Physical Fitness Boosts Kids’ Memory

By: Dr. Pascale Michelon

Being physically fit is among the most relevant factors as far as brain health and performance is concerned. This is true at all ages. A new study further shows the importance of physical fitness in kids, demonstrating its beneficial effects on memory.

The study involved forty-eight 9-10 year-old children. Half were in the top 30% of their age group on a test measuring aerobic fitness and half in the lowest 30%.

The children were asked to memorize the names of regions on a fictitious map, using either a challenging learning method or an easier one. The challenging method involved merely studying the regions’ names. The easier method involved both studying the names and testing the children’s memory as they studied. Based on previous results, the challenging method was expected to yield a much poorer recall performance than the easier method.

The children’s memory was tested one day after the learning session. Children who were the fitter had better memory scores than children who were not as fit. This difference was even greater when the initial learning was performed under challenging conditions (i.e., studying alone).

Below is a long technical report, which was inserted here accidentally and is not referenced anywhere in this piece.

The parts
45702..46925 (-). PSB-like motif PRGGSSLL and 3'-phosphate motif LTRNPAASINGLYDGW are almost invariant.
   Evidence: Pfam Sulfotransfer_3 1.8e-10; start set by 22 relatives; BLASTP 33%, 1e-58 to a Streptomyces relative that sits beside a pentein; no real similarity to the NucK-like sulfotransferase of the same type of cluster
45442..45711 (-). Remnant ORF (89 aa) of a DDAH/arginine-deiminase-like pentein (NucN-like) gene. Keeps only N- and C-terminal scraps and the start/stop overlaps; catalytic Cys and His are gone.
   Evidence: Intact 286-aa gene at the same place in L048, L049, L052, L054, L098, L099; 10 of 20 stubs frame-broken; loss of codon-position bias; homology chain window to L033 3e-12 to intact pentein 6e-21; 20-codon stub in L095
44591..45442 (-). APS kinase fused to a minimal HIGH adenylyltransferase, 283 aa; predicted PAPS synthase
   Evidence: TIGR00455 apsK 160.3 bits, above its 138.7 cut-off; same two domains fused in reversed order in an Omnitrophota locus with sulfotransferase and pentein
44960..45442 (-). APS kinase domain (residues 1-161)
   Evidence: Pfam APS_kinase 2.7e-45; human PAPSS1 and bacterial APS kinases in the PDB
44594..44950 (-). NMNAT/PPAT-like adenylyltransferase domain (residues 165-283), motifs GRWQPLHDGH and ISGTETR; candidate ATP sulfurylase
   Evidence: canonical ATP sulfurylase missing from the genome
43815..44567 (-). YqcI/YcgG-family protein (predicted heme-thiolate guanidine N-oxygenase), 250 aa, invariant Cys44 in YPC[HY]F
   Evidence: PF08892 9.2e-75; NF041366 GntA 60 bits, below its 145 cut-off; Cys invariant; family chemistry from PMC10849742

The researchers concluded that:

  • Children’s levels of physical fitness influence their learning abilities: the fitter, the better the memory.
  • This influence is the strongest when the study method is challenging and usually yields poor recall.

This study has important implications for educational practices, especially at a time when physical education is often cut back at school. Not only poorer health may result from inactivity but also poorer brain health and performance.

Other studies have shown that physical fitness is directly related to brain fitness in younger and older adults as well. A good reason to start exercising at a young age and keep up with the habit throughout life.

References: Raine, L. B., …& Kramer, A. F. (2013). The influence of childhood aerobic fitness on learning and memory. Published 11 Sep 2013 | PLOS ONE

To learn more about the effects of physical exercise on your brain:

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